W3C home > Mailing lists > Public > public-html@w3.org > August 2013

Re: updated cite definition - please review

From: Jukka K. Korpela <jukka.k.korpela@kolumbus.fi>
Date: Wed, 28 Aug 2013 11:32:41 +0300
Message-ID: <521DB5A9.6040000@kolumbus.fi>
To: Bruce Lawson <brucel@opera.com>
CC: HTMLWG WG <public-html@w3.org>
2013-08-28 11:12, Bruce Lawson wrote:
> On 25 August 2013 19:19, Jukka K. Korpela <jukka.k.korpela@kolumbus.fi> wrote:
>> If there were an element called <z> in HTML, with italic as default
>> rendering in browsers, and some authors used it to denote names of trees,
>> and some other to denote impressive things, and yet some other to mark up
>> green things, and all the rest using for various purposes, it would be
>> pointless to discuss what the "right" usage is or to collect statistics of
>> existing usage, or to study definitions of <z> in past specifications. The
>> only sensible thing that browsers, search engines, and other software could
>> do, and would do, is to treat <z> as an element with unknown meaning and no
>> effect, except for the default rendering (if it is an established practice).
> But there isn't a <z> element, so this is a red herring.

The <cite> element is very similar to <z> in uselessness. Well, <cite> 
causes italic font by default, but you can achieve just the same with 
the more concise <i>.

>   There *is* a
> <cite> element, which used to be allowed for marking up titles of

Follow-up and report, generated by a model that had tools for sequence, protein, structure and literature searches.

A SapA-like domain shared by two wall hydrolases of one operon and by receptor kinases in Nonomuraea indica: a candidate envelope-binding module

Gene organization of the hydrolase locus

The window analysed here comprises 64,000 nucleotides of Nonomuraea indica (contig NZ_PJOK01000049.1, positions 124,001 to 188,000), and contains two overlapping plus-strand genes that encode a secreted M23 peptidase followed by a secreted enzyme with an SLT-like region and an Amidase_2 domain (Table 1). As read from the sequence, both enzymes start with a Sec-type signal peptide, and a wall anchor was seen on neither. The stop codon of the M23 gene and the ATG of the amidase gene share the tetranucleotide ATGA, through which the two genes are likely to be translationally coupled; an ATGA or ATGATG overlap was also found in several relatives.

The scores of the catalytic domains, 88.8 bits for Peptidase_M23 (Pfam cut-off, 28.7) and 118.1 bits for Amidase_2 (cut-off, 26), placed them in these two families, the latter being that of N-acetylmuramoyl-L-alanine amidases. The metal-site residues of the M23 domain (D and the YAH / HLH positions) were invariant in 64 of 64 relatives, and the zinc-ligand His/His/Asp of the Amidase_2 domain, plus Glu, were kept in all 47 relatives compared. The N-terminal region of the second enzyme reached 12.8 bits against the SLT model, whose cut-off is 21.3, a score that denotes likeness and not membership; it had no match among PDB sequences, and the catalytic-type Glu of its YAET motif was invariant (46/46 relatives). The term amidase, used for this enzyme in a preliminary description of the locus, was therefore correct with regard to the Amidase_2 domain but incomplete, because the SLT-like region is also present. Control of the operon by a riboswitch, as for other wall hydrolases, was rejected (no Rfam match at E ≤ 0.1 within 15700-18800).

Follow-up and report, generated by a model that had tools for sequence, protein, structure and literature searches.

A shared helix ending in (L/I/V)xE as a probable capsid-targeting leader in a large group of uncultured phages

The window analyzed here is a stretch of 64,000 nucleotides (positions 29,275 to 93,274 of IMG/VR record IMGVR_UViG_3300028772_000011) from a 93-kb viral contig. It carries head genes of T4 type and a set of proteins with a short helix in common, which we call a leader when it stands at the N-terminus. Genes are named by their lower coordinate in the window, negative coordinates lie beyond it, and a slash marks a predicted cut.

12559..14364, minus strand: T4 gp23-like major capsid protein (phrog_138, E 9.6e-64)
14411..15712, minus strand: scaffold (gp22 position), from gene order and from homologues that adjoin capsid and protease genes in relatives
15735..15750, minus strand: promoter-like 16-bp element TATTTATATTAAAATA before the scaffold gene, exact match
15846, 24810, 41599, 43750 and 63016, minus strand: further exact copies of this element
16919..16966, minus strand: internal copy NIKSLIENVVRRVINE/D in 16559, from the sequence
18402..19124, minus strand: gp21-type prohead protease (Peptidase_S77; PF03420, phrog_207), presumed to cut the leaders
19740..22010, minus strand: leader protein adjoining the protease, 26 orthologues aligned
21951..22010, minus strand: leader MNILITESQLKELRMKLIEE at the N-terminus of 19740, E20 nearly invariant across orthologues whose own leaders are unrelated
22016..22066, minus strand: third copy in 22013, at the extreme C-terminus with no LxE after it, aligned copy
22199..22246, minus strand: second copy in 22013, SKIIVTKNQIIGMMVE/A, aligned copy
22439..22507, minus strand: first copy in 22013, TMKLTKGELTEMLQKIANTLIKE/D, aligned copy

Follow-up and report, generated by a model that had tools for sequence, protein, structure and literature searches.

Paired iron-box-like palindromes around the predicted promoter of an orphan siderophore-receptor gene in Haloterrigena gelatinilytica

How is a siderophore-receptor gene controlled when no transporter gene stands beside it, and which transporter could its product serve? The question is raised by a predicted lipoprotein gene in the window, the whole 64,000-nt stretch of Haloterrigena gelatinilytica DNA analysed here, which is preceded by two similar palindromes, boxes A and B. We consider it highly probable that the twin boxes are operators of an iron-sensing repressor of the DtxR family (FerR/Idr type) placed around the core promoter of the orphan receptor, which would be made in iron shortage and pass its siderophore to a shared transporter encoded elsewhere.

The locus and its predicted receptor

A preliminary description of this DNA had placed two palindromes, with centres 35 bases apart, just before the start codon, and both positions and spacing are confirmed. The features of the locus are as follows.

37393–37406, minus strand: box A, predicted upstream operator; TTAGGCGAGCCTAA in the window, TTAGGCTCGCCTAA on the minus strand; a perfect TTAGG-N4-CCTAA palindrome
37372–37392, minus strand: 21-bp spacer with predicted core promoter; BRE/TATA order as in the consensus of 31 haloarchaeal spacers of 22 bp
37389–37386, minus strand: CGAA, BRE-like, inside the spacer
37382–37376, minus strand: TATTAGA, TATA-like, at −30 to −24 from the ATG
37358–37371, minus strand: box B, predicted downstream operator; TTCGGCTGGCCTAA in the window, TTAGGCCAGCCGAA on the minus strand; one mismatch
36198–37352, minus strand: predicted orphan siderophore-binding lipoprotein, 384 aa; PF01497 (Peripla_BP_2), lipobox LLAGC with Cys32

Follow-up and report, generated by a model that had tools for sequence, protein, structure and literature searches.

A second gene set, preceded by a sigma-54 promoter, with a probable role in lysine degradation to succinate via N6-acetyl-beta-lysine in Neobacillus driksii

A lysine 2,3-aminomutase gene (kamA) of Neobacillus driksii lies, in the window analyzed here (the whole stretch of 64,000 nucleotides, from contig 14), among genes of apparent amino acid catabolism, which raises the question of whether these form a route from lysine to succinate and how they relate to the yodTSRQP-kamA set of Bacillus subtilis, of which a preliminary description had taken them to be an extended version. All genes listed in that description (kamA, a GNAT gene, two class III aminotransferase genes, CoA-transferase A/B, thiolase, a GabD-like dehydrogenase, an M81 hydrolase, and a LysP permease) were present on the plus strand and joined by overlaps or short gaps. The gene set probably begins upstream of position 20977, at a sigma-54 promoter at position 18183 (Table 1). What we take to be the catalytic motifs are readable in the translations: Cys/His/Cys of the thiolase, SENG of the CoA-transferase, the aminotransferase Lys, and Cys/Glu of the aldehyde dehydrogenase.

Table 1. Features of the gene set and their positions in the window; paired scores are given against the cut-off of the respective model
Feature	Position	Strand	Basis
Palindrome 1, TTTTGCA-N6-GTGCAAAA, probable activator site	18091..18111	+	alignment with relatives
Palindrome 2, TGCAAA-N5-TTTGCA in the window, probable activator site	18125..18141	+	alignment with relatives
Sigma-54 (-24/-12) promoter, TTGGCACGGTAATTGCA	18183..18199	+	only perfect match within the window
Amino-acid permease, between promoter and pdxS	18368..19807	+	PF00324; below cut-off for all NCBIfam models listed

> works and authors of cited works,

That was two different old specs. One of them allowed it for titles, the 
other allowed it for citations including author names. Either of these 
could in principle have been a useful definition, since it would at 
least allow some conceivable processing for the element in search 
engines, structured data extraction, etc. (even though nothing like that 
ever happened). The amalgamated “semantics” makes <cite> even 
theoretically as useless as the hypothetical <z>.

> There are people who wish to denote authors, and millions of
> websites that already use <cite> to denote author name.
People want to denote many things. Millions of websites probably use 
<cite> to denote quotations, too. (Saying that it must/should not be 
used for quotations effectively says that it is.) Should that be thrown 
in, too, into the “semantics”?


> The fact that software can't tell the difference between a cited work
> and a cited author is not a reason to keep the spec from specifying
> common existing practice.

All that matters in the common existing practice is that <cite> is by 
default rendering in italic (when possible). Everything else is just 
idle and confusing “semantics” in the worst meaning of the word – unless 
someone can come up with an example (even a very theoretical thought 
experiment) what could possibly be done with <cite> on the basis of the 
proposed semantic definition. As far as I can see, any assumption about 
the meaning, or even structural relationship to the surrounding content 
(beyond pure syntactic nesting) would conflict with much of existing usage.

“Cite” is a legacy element that has been used to mark up titles of 
works, names of authors, quotations, and other things. It cannot be 
defined semantically in any useful way that would not conflict with much 
of the existing usage. Ergo, it should be just documented as one of the 
elements that cause italic rendering by default. It should be regarded 
as obsolete, but conforming – there is no reason to punish authors for 
using it.

-- 
Yucca, http://www.cs.tut.fi/~jkorpela/
Received on Wednesday, 28 August 2013 08:33:04 UTC

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